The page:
Dharmesh wants to know how to reduce his capital-gain tax while restructuring his portfolio. Here's what he can do.
02-Mar-2022 •Deepika Saxena
Dharmesh, 45, is a seasoned investor. He has been investing in equity funds for the past 20 years and has been able to accomplish several goals with the help of his investments. However, over the years, his portfolio has become cluttered with funds across various themes, sectors, market caps, etc., thereby making it difficult for him to manage it. He now wants to consolidate his portfolio and invest in a few good funds. But when it comes to restructuring a portfolio by selling some of the funds in it, one has to pay tax on capital gains. So, he seeks our help to reduce his capital-gains tax.
How many funds are enough?
At present, Dharmesh is investing in 15 funds, including two tax-saving, two small-cap, three mid-cap, three thematic, three flexi-cap, one value and one large-cap fund(s). Ideally, an investor should not invest in more than four-five funds.
For most investors, investing in two-three flexi-cap funds and one-two tax-saving funds is enough. Also, for proper asset allocation and rebalancing, one should also invest in one-two short-duration debt funds.
Flexi-cap funds invest across the market-cap segments and sectors and therefore provide investors with adequate diversification. Tax-saving funds, or equity-linked savings schemes (ELSS), are also managed in a flexi-cap style. One can invest up to Rs1.5 lakh in these in a financial year and get tax exemption on that amount.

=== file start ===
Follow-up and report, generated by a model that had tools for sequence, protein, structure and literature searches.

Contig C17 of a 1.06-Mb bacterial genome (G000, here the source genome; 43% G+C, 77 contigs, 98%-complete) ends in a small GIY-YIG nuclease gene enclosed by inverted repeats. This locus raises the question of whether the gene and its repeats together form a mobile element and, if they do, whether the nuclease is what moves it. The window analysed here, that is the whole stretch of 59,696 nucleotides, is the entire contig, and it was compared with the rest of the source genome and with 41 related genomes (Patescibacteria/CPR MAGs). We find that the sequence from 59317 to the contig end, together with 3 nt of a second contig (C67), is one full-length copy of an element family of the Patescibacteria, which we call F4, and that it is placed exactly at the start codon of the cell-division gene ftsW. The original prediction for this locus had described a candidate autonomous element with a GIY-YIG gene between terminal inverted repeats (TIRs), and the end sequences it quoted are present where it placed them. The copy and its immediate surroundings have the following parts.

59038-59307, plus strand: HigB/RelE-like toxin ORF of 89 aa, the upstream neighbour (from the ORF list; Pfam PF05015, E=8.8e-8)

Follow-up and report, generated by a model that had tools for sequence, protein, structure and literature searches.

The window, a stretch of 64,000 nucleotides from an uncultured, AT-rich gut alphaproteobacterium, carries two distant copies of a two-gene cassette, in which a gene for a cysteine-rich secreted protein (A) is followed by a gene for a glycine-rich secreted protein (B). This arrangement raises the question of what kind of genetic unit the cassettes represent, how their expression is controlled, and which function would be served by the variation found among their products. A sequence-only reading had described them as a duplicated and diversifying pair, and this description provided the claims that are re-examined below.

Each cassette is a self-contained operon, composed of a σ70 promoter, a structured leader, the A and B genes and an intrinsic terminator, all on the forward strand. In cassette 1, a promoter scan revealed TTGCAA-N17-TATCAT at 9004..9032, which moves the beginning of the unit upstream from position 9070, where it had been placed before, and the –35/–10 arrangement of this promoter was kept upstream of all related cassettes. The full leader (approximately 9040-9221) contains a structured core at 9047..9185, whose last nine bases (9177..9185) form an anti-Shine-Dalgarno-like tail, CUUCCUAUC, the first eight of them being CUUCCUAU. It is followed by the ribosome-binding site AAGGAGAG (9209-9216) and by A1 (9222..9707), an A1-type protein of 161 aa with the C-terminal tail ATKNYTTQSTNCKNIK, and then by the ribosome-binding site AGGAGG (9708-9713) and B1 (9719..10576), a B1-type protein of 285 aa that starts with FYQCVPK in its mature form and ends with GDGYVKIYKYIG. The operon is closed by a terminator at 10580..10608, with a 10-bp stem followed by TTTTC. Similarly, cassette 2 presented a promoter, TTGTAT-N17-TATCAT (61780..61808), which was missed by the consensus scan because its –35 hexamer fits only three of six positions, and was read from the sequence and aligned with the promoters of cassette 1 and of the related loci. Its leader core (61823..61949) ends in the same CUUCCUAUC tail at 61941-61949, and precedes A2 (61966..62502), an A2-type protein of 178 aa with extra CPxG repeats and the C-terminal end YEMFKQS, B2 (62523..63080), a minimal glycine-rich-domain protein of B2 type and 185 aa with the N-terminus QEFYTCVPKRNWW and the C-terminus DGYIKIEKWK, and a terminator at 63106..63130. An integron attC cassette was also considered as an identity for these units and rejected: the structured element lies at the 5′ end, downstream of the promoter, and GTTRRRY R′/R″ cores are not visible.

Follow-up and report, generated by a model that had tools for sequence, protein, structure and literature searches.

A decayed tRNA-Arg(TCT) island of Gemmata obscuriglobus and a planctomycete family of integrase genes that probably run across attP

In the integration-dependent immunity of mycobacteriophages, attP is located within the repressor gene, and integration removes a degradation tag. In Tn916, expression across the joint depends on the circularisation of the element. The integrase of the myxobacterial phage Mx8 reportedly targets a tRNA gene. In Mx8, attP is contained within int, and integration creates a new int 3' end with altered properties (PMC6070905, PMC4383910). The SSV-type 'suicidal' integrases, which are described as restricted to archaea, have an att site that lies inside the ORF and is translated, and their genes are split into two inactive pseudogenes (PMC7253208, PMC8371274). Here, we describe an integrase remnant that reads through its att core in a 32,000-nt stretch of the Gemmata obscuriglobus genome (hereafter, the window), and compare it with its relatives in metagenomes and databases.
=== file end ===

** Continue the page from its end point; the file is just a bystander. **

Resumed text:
These days many investors also want international diversification, so one can explore adding one-two international funds and investing not more than 25 per cent of your corpus in these. Do note that some flexi-cap funds have also started taking a measured exposure to international equity, so those could be explored as well.
Investing in mid- and small-cap funds is entirely optional and one should do so only if one is willing to take extra risk for extra returns. Also, the exposure to mid and small caps should not be more than 20-25 per cent of the portfolio.
How Dharmesh can reduce the number of funds in his portfolio
Dharmesh can do the following to cut the number of funds in his portfolio:
Reducing the tax liability
Dharmesh should not exit the undesirable funds at one go. Instead, he should make the transition smartly and gradually. Also, he should be aware of the exit load. It is better to wait until a fund becomes exit-load-free.
Dharmesh has long-term capital gains of Rs2.5 lakh. As we stand on the cusp of two financial years, there can be no better time to make changes in his equity portfolio. Long-term capital gains on equities up to Rs1 lakh are exempted in a financial year. So, if the gains on his investment are more than Rs1 lakh, he can split these gains between this and the next financial year. A few weeks from now, the new financial year (FY2022-23) would begin, which would automatically refresh his Rs1 lakh exemption limit. This way, Dharmesh will be able to enjoy an exemption limit of up to Rs2 lakh.
If he redeems the desired amount in this financial year (FY 2021-22), he would need to pay a long-term capital-gain tax of Rs15,000. On the other hand, if he breaks his investments between this and the next financial year (assuming that capital gain in each year is Rs1.25 lakh), he would be required to pay a tax of Rs5,000 (see illustration 'Reducing tax liability').
Dos and don'ts of managing a portfolio
Here are some guidelines to manage your portfolio for the best outcome:
Don't ignore these